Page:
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Uses

Edible uses

Notes

Fruit - raw or cooked[1][2][3]. A sour flavour[4][5][6]. They are mainly used in preserves[7]. A reasonable flavour, but it is not worth picking in the presence of better varieties[8]. The fruit is about 12mm in diameter[9].

Fruit

Material uses

A purple to dull blue dye is obtained from the fruit[10]. A good ground cover plant[5].

Unknown part

Dye

Medicinal uses(Warning!)

The plant has astringent properties. The juice of the plant has been used in the treatment of diarrhoea and dysentery[11][12][13].

An infusion of the fruits in warm water has been used as a vermifuge[11][13].

An infusion of the roots has been used in the treatment of consumption, coughs and fevers[13].

Ecology

Ecosystem niche/layer

Soil surface

Ecological Functions

Ground cover

Forage

Nothing listed.

Shelter

Nothing listed.

Propagation

Seed - requires stratification and is best sown in early autumn in a cold frame. Stored seed requires one month stratification at about 3°c and is best sown as early as possible in the year. Prick out the seedlings when they are large enough to handle and grow on in a cold frame. Plant them out into their permanent positions in late spring of the following year.

Cuttings of half-ripe wood, July/August in a frame[9]. Tip layering in July. Plant out in autumn.

Division in early spring or just before leaf-fall in the autumn[9].

Practical Plants is currently lacking information on propagation instructions of Rubus hispidus. Help us fill in the blanks! Edit this page to add your knowledge.



Cultivation

Easily grown in a good well-drained loamy soil in sun or semi-shade[4][5][9].

This species is a blackberry with biennial stems, it produces a number of new stems each year from the perennial rootstock, these stems fruit in their second year and then die[9]. The plant produces apomictic flowers, these produce fruit and viable seed without fertilization, each seedling is a genetic copy of the parent[9].

Plants in this genus are notably susceptible to honey fungus[9].

Crops

Problems, pests & diseases

Associations & Interactions

There are no interactions listed for Rubus hispidus. Do you know of an interaction that should be listed here? edit this page to add it.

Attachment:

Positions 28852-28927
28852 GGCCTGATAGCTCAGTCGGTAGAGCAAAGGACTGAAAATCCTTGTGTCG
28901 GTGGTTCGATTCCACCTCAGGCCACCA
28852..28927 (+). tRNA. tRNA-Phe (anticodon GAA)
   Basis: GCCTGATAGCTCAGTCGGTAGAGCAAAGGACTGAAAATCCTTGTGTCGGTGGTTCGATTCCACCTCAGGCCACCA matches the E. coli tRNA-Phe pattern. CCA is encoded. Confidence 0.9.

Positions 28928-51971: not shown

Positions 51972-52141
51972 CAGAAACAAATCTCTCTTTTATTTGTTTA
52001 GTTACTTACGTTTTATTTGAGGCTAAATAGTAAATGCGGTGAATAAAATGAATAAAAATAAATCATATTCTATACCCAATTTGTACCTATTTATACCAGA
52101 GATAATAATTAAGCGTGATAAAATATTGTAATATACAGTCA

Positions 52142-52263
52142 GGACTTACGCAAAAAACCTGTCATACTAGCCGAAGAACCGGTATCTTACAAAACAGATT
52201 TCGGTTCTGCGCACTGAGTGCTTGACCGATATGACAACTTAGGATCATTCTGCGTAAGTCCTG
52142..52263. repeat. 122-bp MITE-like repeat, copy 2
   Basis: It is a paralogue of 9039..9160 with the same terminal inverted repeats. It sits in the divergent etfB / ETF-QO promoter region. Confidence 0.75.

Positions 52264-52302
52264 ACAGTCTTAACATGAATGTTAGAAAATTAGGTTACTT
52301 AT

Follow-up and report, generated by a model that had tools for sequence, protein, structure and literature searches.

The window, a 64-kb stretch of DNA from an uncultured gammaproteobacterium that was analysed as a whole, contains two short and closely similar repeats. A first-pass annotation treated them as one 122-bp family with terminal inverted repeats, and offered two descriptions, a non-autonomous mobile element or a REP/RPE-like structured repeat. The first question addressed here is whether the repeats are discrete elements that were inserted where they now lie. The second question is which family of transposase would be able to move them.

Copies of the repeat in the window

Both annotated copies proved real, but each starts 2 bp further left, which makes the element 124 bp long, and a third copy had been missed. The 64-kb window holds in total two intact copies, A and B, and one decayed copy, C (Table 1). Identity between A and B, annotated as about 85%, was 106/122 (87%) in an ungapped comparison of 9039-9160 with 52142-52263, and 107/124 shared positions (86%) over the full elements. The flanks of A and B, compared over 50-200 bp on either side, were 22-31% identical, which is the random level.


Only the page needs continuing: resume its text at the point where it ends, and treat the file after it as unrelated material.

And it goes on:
Polycultures & Guilds

There are no polycultures listed which include Rubus hispidus.

Descendants

Cultivars

Varieties

None listed.

Subspecies

None listed.

Full Data

This table shows all the data stored for this plant.

Taxonomy
Binomial name
Rubus hispidus
Genus
Rubus
Family
Rosaceae
Imported References
Medicinal uses
Material uses & Functions
Botanic
Propagation
Cultivation
Environment
Cultivation
Uses
Edible uses
None listed.
Material uses
None listed.
Medicinal uses
None listed.
Functions & Nature
Functions
Provides forage for
Provides shelter for
Environment
Hardiness Zone
3
Heat Zone
?
Water
moderate
Sun
full sun
Shade
light shade
Soil PH
Soil Texture
Soil Water Retention
Environmental Tolerances
    Ecosystems
    Native Climate Zones
    None listed.
    Adapted Climate Zones
    None listed.
    Native Geographical Range
    None listed.
    Native Environment
    None listed.
    Ecosystem Niche
    Root Zone Tendancy
    None listed.
    Life
    Deciduous or Evergreen
    Herbaceous or Woody
    Life Cycle
    Growth Rate
    ?
    Mature Size
    Fertility
    ?
    Pollinators
    Flower Colour
    ?
    Flower Type











    References

    1. ? 1.01.1 Usher. G. A Dictionary of Plants Used by Man. Constable ISBN 0094579202 (1974-00-00)
    2. ? 2.02.1 Tanaka. T. Tanaka's Cyclopaedia of Edible Plants of the World. Keigaku Publishing (1976-00-00)
    3. ? 3.03.1 Yanovsky. E. Food Plants of the N. American Indians. Publication no. 237. U.S. Depf of Agriculture. ()
    4. ? 4.04.14.2 F. Chittendon. RHS Dictionary of Plants plus Supplement. 1956 Oxford University Press (1951-00-00)
    5. ? 5.05.15.25.35.45.5 Bean. W. Trees and Shrubs Hardy in Great Britain. Vol 1 - 4 and Supplement. Murray (1981-00-00)
    6. ? 6.06.1 Britton. N. L. Brown. A. An Illustrated Flora of the Northern United States and Canada Dover Publications. New York. ISBN 0-486-22642-5 (1970-00-00)
    7. ? 7.07.1 Kunkel. G. Plants for Human Consumption. Koeltz Scientific Books ISBN 3874292169 (1984-00-00)
    8. ? 8.08.1 Hedrick. U. P. Sturtevant's Edible Plants of the World. Dover Publications ISBN 0-486-20459-6 (1972-00-00)
    9. ? 9.09.19.29.39.49.59.69.79.8 Huxley. A. The New RHS Dictionary of Gardening. 1992. MacMillan Press ISBN 0-333-47494-5 (1992-00-00)
    10. ? 10.010.1 Grae. I. Nature's Colors - Dyes from Plants. MacMillan Publishing Co. New York. ISBN 0-02-544950-8 (1974-00-00)
    11. ? 11.011.111.2 Weiner. M. A. Earth Medicine, Earth Food. Ballantine Books ISBN 0-449-90589-6 (1980-00-00)
    12. ? 12.012.1 Bown. D. Encyclopaedia of Herbs and their Uses. Dorling Kindersley, London. ISBN 0-7513-020-31 (1995-00-00)
    13. ? 13.013.113.213.3 Moerman. D. Native American Ethnobotany Timber Press. Oregon. ISBN 0-88192-453-9 (1998-00-00)
    14. ? Fernald. M. L. Gray's Manual of Botany. American Book Co. (1950-00-00)